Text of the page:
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Writing on iPad Pro with Smart Keyboard Folio – MacStories



iPad Diaries is a regular series about using iPad as a primary computer. You can find more installments here and subscribe to the dedicated RSS feed.

I have a love relationship with Apple's smart keyboard for iPad Pro.

On the one hand, I've always been a fan of its small footprint and ability to almost become part of the device itself from both hardware and software. The smart keyboard clicks into place and attaches magnetically to iPad Pro; It does not require you to think to let it as Smart Connector take care of it; Thanks to the magic magnet, the keyboard and cover attach to iPad when you carry it in a bag, but can easily be disconnected in a moment if you only need the iPad screen. The software experience is as intuitive and exquisite. Ive-esque: The Smart Keyboard requires no pairing because it totally eliminates Bluetooth, and it integrates with all hot keys supported by iOS and apps. In the latest iPad Pro, the smart keyboard is even Face ID-aware: you can double-click the spacebar to authenticate from the lock screen instead of stretching your arm to the screen to sweep up ̵

1; a welcome improvement for those who work with their iPad Pro is constantly connected to a keyboard.

It's a lot to appreciate Apple's Smart Keyboard – an accessory designed on the basis of hardware and software integration, and follows the same core conditions at the base of AirPods, Apple Pencil and (although some liked to fool off their special design) Smart battery cover. But since the debut in 2015, I've saved a number of small complaints and more annoyances with the Smart Keyboard, which I'd like to visit now, as Apple has sent the evolution to the new iPad Pro Smart Keyboard Folio. [19659005] Smart Keyboard Folio

As I wrote in my first impression article after Apple's Brooklyn event, I was concerned that putting iPad Pro in the new folio case would be a more involved process than adding one of the pages to Smart keyboard. The first impression was the wrong and by-product of my limited hands-on time with the accessories.

Thanks to its 102 built-in magnets the Smart Keyboard Folio can easily be adjusted with the iPad's Pro Pro, with little guidance required at the end. With Smart Keyboard Folio completely open on a desk, I have had no trouble placing iPad on top of it and fold it in writing mode. In fact, I've noticed that Apple intelligently placed magnets both inside the iPad and folio case so that if you try to place the device upside down at the top of the case, it will not fix. The new iPad Pro can be marketed as an oriental agnostic computer as far as it holds in your hands, but with Smart Connector and Pencil's magnetic connector only on one side, the device only supports Smart Keyboard Folio orientation. Given what this accessory is designed for, this makes perfect sense.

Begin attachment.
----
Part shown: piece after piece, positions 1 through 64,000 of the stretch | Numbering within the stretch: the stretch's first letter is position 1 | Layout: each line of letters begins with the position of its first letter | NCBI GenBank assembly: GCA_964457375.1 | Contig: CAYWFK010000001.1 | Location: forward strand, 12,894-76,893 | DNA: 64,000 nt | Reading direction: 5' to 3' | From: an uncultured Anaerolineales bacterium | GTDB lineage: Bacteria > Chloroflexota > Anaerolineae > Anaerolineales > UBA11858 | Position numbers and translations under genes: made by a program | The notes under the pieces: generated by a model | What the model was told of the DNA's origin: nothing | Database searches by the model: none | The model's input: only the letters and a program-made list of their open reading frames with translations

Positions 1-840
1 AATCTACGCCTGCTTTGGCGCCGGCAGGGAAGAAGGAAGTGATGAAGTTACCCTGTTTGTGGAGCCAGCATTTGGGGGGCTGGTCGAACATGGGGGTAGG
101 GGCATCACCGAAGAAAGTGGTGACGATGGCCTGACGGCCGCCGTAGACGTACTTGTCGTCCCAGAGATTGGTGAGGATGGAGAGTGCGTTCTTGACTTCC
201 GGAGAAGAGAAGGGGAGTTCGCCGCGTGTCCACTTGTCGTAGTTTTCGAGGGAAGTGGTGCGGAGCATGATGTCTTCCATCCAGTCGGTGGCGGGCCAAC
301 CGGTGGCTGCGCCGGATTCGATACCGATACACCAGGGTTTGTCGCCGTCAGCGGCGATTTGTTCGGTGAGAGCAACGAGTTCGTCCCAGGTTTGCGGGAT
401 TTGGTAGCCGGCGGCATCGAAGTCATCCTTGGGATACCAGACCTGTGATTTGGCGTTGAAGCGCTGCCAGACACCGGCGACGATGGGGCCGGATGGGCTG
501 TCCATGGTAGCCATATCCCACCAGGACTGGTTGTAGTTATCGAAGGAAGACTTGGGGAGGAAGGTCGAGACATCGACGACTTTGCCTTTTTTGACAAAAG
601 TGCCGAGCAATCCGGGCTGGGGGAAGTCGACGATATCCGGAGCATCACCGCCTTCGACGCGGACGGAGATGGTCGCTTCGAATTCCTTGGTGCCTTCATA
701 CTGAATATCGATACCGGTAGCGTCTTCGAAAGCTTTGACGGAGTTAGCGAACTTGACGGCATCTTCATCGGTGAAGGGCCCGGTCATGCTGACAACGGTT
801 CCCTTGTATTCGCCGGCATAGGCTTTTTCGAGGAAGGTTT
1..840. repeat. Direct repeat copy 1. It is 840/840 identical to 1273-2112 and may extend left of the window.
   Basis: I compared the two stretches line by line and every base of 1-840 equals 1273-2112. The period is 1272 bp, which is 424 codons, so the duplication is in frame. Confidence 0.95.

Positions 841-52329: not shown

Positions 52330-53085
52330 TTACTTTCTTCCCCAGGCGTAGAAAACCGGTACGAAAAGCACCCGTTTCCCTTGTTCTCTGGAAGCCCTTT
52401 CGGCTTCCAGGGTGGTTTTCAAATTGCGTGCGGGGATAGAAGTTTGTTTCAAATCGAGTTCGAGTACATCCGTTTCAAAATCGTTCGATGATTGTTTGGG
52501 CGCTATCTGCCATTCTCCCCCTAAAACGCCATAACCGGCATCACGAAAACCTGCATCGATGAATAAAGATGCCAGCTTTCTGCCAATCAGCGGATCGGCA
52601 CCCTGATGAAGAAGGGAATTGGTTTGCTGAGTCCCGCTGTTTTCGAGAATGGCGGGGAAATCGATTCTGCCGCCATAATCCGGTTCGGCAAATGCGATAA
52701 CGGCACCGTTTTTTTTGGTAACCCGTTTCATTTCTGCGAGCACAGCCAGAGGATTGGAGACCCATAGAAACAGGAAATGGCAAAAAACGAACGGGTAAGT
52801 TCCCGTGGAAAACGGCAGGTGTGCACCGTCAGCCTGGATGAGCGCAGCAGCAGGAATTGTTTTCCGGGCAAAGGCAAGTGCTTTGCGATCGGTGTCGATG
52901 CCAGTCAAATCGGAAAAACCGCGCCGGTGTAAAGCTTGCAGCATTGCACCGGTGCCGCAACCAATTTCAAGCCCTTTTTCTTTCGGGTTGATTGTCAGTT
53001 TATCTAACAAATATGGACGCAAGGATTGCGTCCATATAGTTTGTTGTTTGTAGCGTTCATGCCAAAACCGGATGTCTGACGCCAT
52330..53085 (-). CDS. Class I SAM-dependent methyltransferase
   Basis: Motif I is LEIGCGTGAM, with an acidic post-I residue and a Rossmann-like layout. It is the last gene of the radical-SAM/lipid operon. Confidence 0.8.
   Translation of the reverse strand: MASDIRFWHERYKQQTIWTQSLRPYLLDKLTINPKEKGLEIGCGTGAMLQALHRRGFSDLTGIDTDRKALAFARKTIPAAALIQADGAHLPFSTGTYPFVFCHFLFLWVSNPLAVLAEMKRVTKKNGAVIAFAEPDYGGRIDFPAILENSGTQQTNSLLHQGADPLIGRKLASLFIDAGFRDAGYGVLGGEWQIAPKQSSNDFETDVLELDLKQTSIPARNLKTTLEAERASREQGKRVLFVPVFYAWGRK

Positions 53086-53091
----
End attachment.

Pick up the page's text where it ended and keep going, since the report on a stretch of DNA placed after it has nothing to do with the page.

If I had to point out a minor issue with the magnetic connection between folio and iPad Pro, I would say that removing the keyboard from iPad now requires paying more attention and stronger moves. To loosen iPad from the folio enclosure, hold down the keyboard with one hand, then pull the iPad slightly out of one of the two slots over the numeric keypad. Then you have to loosen it from the folio case too. Again, I would not have expected anything else but this interaction is worth remembering when comparing Smart Keyboard Folio with the old Smart Keyboard. To design a folio case that contained a keyboard and was still thin enough to carry around everyday, Apple had to trust a robust magnetic connection between the iPad and the case and it is only natural that several magnets mean more power required for to loosen them. The upside – that's why I think Apple's magnets setup was ultimately the right decision – it's almost impossible that this case is accidentally pulled from iPad Pro.

The second new feature of Smart Keyboard Folio is the support of two different type modes that, according to Apple, are optimized to be "easily adjustable for use in round or desktop." Unlike the Smart Keyboard, the Smart Keyboard Folio comes with two long cuts over the keyboard where the iPad can mount magnetically in landscape mode and change the viewing angle of the display.

Technically, this is a smart engineering feat that adds alternatives to the classic Smart Keyboard design without increasing its mass, creating complexity, or forcing you to attach multiple clips to your iPad screen. In practice, I think to call one of the two angles "desktop mode" is a mistake.

I find Smart Keyboard Folio's desk position (the second track from the bottom) to put the iPad screen at a steep angle that is uncomfortable to work with when sitting at a desk. I do not know how Apple's Smart Keyboard Folio designers like to sit when they enter in front of a computer, but I'm 6 feet tall and I find that keyboard desktop mode does not prevent headlight (I'm still staring down on a screen that's far lower than my line of sight) while it's too steep compared to how I want to use a MacBook on a desktop. I would have liked Apple to call this a "media mode" to watch video while you lay down with an iPad Pro in front of you, but I guess they prefer to shine over the notion that iPads are merely consumables (though , I have to say watching YouTube and Netflix on this device is pretty cute.)

As a result, I've used my Smart Keyboard Folio in "lap mode" all the time and with better results. The viewing angle of this mode is comparable to that of the original Smart Keyboard for the 12.9 "iPad Pro. When I take advantage of portable mode with iPad in my lap, I think Apple could improve on Smart Keyboard but we're still far from the comfort of a MacBook or solutions like Brydge and Logitech keypads.

The powerful design and enhanced weight distribution of the Smart Keyboard Folio make it less than a smart keyboard when writing with an iPad Pro in your lap, but it's still cutting back and forth. I do not know what else Apple can do to fix this: this configuration is tough with design, so Apple needs to add extra weight to the keyboard to better balance it in portable mode, but it would defeat the purpose of designing a keyboard cover that is thin and light.